That’s it for the GA100 and Nvidia A100 architecture, so now let’s get into the Ampere architectural changes for the consumer GeForce RTX cards.
Nvidia GA102/GA104 Ampere Architecture
There were a ton of changes made with the GA100 relative to the GV100, and the updates on the consumer side of things are just as significant. Many of the above changes to the Tensor cores carry over into the consumer models — likely minus the FP64 stuff, naturally. Besides support for the new GDDR6X memory from Micron instead of HBM2, the other major changes are for the ray tracing and CUDA cores.
Nvidia made a lot of noise about ray tracing in 2018 with the Turing architecture and GeForce RTX 20-series GPUs. Two years later … well, let’s be honest: Ray tracing in games hasn’t really lived up to its potential. Battlefield V had better reflections, Shadow of the Tomb Raider and Call of Duty got improved shadows, Metro Exodus used RT global illumination, and in every instance performance took a nosedive for a relatively small improvement in visuals. To date, the best example of what ray tracing can do is arguably Control, a game that uses RT effects for reflections, shadows, and diffuse lighting. It looks quite nice, though as you might expect, the performance impact is still large.
How large? For an RTX 2080 Ti and Core i9-9900K, running Control at 1440p and maximum quality without ray tracing delivered performance of 80 fps. (That’s in testing that we just completed for this article.) Turn on all the ray tracing extras and performance dropped to 43 fps — 47% slower, or basically half the performance. That’s a painful penalty, though you can mostly mitigate things by enabling DLSS 2.0, which in the quality mode renders at 1707×960 and upscales to 1440p. That brings performance back to 72 fps.
There are also demonstrations of ‘full path tracing,’ where the hardware is pushed even further. Take a relatively ancient and low-fi game like Quake II or Minecraft, and add full ray tracing effects for lighting, shadows, reflections, refraction, and more. Also, instead of hundreds of frames per second, you might get 60 fps — that’s with an RTX 2070 Super at 1080p with DLSS enabled, at least at maximum quality.
If you think the loss in performance from ray tracing effects is too much and that Nvidia should reverse course, however, you don’t know the company very well. The GeForce 256 was the first GPU (according to Nvidia) and introduced hardware transform and lighting calculations to consumer hardware. It was years before most games would come to use those features properly. The first GPUs with shaders also predated common use of the hardware by years, but today virtually every game released makes extensive use of shader technology. Nvidia sees ray tracing as a similar step.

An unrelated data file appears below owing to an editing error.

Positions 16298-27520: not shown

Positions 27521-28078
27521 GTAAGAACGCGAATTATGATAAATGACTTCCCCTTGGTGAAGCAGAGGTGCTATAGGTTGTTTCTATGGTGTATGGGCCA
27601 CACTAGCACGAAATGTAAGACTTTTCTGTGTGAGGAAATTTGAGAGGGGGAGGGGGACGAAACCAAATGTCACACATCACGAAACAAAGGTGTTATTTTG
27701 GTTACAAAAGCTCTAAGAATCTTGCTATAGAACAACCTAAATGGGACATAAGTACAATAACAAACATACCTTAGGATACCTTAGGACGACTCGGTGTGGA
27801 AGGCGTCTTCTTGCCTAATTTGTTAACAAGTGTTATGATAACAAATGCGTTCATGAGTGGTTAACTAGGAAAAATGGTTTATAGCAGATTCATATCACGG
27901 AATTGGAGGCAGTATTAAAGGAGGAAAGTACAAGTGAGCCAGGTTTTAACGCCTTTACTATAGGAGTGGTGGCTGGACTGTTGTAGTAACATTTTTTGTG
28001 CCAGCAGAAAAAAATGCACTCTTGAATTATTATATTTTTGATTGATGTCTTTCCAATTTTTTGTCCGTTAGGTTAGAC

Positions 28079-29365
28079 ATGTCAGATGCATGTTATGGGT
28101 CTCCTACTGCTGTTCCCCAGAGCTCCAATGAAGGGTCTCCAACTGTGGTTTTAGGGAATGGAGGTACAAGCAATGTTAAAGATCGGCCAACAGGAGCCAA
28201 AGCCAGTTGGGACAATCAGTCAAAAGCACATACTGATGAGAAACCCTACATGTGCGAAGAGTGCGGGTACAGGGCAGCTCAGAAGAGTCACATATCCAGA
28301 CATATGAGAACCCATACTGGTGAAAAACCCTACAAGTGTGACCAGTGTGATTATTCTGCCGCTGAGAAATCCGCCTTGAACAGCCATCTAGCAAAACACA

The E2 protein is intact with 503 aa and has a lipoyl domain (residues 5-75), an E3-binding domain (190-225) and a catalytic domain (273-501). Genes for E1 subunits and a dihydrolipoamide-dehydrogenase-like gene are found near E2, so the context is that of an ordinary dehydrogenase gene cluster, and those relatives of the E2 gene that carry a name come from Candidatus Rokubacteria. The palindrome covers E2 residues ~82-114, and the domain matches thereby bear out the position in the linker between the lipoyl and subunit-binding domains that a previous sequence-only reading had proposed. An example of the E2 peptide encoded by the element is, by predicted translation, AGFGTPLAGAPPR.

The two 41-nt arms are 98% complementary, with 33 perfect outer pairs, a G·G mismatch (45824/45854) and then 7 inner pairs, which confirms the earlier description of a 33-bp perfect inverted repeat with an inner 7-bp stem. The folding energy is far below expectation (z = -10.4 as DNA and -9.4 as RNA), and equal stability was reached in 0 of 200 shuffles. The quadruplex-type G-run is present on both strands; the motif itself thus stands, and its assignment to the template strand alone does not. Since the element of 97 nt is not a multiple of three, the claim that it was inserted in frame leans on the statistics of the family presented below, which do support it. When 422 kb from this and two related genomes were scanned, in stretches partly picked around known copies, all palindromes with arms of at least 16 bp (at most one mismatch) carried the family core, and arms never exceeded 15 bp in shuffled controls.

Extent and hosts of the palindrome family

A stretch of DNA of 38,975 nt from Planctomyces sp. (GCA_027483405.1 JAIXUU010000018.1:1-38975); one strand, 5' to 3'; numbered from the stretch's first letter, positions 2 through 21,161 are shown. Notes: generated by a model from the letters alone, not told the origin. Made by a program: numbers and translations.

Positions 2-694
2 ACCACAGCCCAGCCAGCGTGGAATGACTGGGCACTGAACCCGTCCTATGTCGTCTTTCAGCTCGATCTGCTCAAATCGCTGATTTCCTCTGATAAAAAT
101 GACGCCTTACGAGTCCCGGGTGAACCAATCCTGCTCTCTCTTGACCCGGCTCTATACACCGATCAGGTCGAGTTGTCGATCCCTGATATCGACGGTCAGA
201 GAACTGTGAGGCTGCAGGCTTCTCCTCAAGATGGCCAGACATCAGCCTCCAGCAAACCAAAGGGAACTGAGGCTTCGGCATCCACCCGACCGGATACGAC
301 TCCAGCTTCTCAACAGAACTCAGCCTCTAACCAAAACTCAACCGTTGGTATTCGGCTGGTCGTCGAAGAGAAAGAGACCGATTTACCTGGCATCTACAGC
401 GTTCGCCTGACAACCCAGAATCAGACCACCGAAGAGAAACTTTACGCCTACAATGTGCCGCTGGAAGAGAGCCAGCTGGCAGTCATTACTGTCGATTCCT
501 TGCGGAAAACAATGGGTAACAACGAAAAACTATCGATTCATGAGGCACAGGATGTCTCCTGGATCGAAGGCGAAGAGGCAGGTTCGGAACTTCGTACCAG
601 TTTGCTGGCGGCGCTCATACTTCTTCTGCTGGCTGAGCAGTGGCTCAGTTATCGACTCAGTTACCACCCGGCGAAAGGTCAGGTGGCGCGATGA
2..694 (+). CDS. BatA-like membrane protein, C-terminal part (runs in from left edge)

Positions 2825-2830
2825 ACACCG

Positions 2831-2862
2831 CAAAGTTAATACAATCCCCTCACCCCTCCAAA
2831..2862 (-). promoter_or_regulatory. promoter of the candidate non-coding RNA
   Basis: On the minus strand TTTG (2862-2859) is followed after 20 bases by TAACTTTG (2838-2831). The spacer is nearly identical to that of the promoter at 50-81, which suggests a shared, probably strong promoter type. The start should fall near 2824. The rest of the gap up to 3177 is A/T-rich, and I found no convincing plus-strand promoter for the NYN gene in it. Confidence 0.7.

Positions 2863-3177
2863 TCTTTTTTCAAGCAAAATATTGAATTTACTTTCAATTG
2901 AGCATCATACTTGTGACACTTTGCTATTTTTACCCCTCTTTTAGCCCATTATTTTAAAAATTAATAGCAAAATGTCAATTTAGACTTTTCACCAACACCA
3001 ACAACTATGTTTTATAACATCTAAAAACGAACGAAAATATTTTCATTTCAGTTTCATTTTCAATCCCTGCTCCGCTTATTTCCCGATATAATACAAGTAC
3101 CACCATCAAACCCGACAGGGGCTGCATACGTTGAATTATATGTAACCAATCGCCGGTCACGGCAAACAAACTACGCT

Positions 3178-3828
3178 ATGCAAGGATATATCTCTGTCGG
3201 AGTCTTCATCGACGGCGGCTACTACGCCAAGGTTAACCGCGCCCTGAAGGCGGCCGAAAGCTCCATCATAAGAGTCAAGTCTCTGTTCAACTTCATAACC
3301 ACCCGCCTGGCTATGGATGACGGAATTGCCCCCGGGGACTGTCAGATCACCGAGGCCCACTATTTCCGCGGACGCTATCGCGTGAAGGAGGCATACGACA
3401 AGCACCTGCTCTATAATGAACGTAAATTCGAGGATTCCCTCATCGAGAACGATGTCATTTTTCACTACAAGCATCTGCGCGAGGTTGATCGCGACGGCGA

The good news is that ray tracing performance with the Ampere architecture is getting a massive kick in the pants. Nvidia says the RTX 3080 can do 58 TFLOPS of ray tracing calculations, compared to the RTX 2080 Ti’s 34 TFLOPS. Or put another way, it’s 1.7 times faster at ray tracing.
Nvidia hasn’t gone into a ton of detail about how it calculates RT TFLOPS, but it did say that the new 2nd gen RT cores are twice as fast as the 1st gen cores. Part of the improvement in RT performance comes from adding additional computational units to the hardware. Nvidia specifically talked about an improved MIMD execution unit, as well as triangle interpolation routines that allow for different times on each ray, which can help with things like motion blur.
What does that mean for ray tracing games? We’ll find out soon enough, but based on what we’re hearing from Nvidia, we’ll see more game developers increasing the amount of ray tracing effects. Cyberpunk 2077 will feature ray traced reflections, shadows, ambient occlusion, and more. The upcoming Fortnite RTX patch will also enabled multiple effects, including ray traced reflections, shadows, ambient occlusion, and global illumination. Similarly, we’ll see multiple RT effects for Watch Dogs: Legion and Call of Duty Black Ops Cold War.
Thanks to the improved ray tracing hardware, a game like Control (or one of the other upcoming games) might be able to run with all of the ray tracing effects enabled and not show a significant drop in performance, or even gain in performance relative to traditional rendering once you enable DLSS. We’ll be looking at this, as well as how ray tracing performance compares to AMD’s Big Navi, in the future.
Nvidia also provided the above metric from its Marbles tech demo that uses full path tracing. An unnamed Turing GPU (RTX 2080 Ti?) could run Marbles at 720p and 25 fps, with no depth of field, one dome light, and one indirect light. Ampere (RTX 3090?) meanwhile can run the demo at 1440p and 30 fps, with depth of field enabled and with 130 area lights. Whatever the actual GPUs used, there’s potentially a whole new level of ray tracing within reach.